Everyone's out to get Bridget Jones!
Unrealistic. Entertaining. Bizarre.
Three words that come to my head as I walk out of the theatre, after watching the screen adaptation of Helen Fielding's Bridget Jones's Diary.
Unrealistic, because it is hard to imagine that a 32-year-old woman can be so clumsy, have such an inferiority complex and do everything wrong, every time.
Entertaining, because you just can't stop laughing at Bridget Jones' hysterics.
Bizarre, because you really wonder what the director is trying to say.
Bridget Jones doesn't have any boyfriends (though her mother tries her hand at matchmaking at every New Year at the Turkey curry lunches that she hosts). She drinks too much, smokes even more. And she has a weight problem.
Her resolutions each year are the same: Get a man, drink less, quit smoking and get rid of those extra pounds. And each year, she doesn't do any better than the last.
Till her boss Daniel (Hugh Grant) shows interest in her. Her world changes. She feels she has (at last) found the love of her life. Only to find that he is already engaged to someone else.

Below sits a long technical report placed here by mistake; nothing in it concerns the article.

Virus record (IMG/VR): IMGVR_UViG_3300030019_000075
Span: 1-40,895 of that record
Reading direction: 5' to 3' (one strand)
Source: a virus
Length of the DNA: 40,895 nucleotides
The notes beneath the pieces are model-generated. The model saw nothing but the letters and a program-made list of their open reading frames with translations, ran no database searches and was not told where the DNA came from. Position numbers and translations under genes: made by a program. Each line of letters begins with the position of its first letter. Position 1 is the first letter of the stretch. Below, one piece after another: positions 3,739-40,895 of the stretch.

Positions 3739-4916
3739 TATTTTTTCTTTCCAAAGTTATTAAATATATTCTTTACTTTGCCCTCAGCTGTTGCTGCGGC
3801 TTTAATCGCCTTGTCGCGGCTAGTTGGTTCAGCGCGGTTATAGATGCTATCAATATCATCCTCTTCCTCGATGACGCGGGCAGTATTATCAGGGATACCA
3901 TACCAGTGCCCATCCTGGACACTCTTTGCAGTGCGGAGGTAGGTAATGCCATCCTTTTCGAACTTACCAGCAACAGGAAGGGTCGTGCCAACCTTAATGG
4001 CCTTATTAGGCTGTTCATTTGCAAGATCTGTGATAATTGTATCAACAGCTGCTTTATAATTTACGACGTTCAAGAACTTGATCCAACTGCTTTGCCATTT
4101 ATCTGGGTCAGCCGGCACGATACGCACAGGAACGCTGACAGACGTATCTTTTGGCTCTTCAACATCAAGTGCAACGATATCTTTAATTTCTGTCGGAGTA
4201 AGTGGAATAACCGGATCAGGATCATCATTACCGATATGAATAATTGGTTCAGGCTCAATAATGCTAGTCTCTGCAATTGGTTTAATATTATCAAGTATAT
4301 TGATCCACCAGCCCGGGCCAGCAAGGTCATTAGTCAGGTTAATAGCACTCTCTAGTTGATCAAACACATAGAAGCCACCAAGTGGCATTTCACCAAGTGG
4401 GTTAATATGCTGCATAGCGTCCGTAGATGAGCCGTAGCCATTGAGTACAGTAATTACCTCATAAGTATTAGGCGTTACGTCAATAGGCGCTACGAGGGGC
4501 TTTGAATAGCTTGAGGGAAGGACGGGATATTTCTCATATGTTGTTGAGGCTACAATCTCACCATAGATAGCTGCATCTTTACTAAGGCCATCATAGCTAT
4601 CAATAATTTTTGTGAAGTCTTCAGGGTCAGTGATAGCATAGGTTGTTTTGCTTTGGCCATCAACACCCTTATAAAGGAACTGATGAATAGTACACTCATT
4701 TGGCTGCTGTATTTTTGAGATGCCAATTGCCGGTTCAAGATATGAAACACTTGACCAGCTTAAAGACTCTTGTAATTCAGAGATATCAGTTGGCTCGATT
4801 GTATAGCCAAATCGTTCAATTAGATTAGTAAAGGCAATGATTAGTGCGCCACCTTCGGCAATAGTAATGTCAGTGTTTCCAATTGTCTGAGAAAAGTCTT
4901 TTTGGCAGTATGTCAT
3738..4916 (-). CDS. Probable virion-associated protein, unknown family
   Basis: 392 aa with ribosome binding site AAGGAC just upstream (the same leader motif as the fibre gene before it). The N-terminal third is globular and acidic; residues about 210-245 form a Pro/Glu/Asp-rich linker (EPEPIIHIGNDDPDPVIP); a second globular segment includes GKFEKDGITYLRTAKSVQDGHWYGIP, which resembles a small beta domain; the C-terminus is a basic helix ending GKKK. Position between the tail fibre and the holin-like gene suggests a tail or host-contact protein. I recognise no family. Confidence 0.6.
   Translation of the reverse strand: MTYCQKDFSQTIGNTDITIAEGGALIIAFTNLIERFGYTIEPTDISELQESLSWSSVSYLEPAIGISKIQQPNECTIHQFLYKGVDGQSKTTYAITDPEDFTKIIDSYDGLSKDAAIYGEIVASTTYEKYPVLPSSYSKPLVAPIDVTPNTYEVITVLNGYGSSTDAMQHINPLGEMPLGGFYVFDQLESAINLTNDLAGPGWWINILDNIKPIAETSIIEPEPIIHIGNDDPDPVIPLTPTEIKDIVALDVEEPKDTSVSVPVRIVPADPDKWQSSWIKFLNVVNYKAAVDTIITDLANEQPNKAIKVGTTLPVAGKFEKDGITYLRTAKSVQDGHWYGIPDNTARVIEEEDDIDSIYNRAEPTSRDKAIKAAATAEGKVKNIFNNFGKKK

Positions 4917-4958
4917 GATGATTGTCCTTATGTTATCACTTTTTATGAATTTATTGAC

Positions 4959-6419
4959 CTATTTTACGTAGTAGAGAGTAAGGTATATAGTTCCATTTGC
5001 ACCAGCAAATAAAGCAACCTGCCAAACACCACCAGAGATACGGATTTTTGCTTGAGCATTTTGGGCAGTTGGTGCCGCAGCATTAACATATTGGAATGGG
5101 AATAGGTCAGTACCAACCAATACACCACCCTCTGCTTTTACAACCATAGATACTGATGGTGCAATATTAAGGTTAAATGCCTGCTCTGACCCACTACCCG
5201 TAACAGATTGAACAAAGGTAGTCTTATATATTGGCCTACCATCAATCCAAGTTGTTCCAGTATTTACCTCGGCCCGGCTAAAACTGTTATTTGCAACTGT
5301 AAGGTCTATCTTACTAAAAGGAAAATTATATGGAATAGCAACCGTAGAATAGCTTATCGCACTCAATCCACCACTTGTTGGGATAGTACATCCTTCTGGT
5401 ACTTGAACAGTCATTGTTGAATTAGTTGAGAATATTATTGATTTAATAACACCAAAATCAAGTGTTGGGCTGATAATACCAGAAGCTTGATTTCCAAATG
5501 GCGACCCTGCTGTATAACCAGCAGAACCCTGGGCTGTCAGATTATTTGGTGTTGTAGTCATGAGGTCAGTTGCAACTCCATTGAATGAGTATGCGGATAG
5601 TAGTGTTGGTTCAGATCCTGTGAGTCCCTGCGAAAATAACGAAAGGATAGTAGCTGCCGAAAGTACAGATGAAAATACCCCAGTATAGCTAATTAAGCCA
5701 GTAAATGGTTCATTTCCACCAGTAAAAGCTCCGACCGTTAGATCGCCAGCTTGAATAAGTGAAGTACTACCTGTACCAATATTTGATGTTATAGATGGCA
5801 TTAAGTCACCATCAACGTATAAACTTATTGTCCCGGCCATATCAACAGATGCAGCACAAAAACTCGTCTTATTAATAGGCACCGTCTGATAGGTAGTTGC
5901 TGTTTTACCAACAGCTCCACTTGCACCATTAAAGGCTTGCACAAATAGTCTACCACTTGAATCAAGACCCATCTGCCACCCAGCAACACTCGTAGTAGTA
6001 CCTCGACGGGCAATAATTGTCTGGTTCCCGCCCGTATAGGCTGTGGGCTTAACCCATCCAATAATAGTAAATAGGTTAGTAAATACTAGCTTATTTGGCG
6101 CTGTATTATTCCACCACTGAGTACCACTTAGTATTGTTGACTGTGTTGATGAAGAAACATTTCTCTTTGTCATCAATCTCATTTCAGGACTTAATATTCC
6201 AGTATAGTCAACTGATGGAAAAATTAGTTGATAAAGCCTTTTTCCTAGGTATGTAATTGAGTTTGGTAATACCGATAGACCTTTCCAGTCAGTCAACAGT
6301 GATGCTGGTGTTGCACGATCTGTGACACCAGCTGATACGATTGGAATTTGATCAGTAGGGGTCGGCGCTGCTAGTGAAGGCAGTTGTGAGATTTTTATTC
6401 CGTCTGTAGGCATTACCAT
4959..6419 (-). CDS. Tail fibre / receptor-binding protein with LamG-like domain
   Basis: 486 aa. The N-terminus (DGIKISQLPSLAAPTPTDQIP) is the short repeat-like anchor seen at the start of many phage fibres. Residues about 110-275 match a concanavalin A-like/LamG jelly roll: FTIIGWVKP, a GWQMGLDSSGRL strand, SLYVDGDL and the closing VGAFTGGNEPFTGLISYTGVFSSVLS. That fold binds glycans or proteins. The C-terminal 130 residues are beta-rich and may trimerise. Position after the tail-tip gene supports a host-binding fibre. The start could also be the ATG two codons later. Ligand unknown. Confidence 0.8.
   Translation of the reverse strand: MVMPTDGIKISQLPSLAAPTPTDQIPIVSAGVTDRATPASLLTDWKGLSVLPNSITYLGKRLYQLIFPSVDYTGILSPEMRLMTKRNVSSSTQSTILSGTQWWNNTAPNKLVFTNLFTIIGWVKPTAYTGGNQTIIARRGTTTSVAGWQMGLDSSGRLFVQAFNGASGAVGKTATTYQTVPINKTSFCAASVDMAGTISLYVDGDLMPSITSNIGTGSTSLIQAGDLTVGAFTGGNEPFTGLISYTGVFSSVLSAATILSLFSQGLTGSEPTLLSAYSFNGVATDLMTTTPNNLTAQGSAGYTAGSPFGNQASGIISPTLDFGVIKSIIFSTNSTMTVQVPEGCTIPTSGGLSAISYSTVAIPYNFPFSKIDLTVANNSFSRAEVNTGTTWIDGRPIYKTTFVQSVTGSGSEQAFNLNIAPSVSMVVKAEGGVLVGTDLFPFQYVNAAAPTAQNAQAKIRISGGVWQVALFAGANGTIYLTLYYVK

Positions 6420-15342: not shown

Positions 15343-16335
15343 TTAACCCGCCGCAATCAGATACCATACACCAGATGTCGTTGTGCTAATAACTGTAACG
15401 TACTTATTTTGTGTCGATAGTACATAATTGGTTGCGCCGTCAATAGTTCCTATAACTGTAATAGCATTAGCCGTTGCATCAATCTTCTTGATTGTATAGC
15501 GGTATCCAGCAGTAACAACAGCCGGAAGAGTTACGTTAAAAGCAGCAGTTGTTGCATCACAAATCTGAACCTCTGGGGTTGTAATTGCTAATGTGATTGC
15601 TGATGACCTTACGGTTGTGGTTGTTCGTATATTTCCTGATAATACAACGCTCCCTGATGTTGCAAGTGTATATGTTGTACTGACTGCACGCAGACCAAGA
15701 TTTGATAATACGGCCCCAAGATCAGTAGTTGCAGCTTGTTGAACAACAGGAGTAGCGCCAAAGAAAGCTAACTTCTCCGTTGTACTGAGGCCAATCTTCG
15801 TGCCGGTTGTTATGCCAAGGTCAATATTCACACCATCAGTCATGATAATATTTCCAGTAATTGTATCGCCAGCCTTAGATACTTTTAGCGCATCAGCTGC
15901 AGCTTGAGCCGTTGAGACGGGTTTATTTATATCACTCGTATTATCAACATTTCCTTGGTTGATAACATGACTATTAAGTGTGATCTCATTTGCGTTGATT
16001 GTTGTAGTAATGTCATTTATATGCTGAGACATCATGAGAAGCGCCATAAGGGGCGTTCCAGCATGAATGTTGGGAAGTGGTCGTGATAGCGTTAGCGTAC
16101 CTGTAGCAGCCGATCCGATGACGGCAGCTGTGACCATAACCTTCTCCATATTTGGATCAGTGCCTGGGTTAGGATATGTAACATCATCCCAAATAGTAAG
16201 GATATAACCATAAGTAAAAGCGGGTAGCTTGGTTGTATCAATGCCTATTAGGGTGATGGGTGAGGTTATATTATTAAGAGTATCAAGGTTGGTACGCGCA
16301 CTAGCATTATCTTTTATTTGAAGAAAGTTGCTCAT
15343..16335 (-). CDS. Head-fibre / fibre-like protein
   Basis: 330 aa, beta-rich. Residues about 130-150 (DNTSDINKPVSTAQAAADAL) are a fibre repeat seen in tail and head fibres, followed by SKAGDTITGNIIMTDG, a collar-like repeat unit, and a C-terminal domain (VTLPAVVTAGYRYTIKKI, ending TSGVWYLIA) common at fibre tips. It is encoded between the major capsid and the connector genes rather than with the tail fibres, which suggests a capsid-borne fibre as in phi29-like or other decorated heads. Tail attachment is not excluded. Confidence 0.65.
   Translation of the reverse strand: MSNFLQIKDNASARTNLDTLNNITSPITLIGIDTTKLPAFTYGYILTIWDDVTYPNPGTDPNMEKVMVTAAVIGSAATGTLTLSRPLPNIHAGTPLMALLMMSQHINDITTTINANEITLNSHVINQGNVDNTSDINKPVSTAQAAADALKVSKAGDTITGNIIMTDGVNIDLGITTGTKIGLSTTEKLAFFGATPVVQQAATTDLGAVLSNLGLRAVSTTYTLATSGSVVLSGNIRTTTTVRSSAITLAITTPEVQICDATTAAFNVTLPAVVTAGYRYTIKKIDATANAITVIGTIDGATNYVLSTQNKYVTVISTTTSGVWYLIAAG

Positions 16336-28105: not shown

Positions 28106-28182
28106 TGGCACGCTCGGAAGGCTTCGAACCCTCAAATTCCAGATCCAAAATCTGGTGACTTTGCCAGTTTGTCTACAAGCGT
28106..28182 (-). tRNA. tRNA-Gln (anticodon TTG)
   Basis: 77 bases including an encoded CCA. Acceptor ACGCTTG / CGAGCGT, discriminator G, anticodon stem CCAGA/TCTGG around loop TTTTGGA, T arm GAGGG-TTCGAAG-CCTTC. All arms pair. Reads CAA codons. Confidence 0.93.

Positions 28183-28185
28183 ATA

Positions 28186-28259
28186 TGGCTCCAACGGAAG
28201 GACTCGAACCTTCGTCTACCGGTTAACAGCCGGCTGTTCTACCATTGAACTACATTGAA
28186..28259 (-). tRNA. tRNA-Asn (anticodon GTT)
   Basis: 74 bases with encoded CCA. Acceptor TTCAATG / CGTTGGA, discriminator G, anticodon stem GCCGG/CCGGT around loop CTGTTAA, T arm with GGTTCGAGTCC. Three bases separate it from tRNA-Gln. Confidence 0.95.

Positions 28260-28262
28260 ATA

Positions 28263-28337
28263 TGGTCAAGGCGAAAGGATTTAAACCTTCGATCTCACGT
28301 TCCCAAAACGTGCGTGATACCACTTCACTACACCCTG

As her world falls apart, she rediscovers Mark (Colin Firth), a wealthy barrister (Bridget had met him at the previous Turkey curry lunch). Of course, luck is never on her side. Mark is seeing someone.
Is she destined to spend a single life? Or will Hugh Grant come back to her? Or is it Mark, who is written on her cards?
Director Sharon Maguire doesn't have a great script in hand which probably accounts for why she tries her hand at everything: Comedy, emotion, even a fight scene.
At the end of it all, you wonder what she wants to say. The only thing that could get the film going is its humour.
But then again, what is with Bridget Jones and her persecution complex?
Renee Zellweger (Bridget Jones) fits the clumsy 32-year-old who can never get anything right in her life, replete with the British accent.
The film revolves around her entirely, leaving Hugh Grant with very little screen time. With an ill-etched Daniel to contend with, Hugh Grant is hardly present in the second half of the film.
Mark (Colin Firth), on the other hand, has the meatier part -- that's only because he has more screen time. Few questions though: When did he really start liking Bridget? And since she is projected as such a loser, what made this wealthy barrister fall in love with
Word of advice: Don't think much while watching this film. Watch it, enjoy it, forget it.
Unless it, erm, resembles your life.
Cast: Renee Zellweger, Colin Firth, Hugh Grant
Director: Sharon Maguire
Producer: Jonathan Cavendish, Tim Bevan, Eric Fellner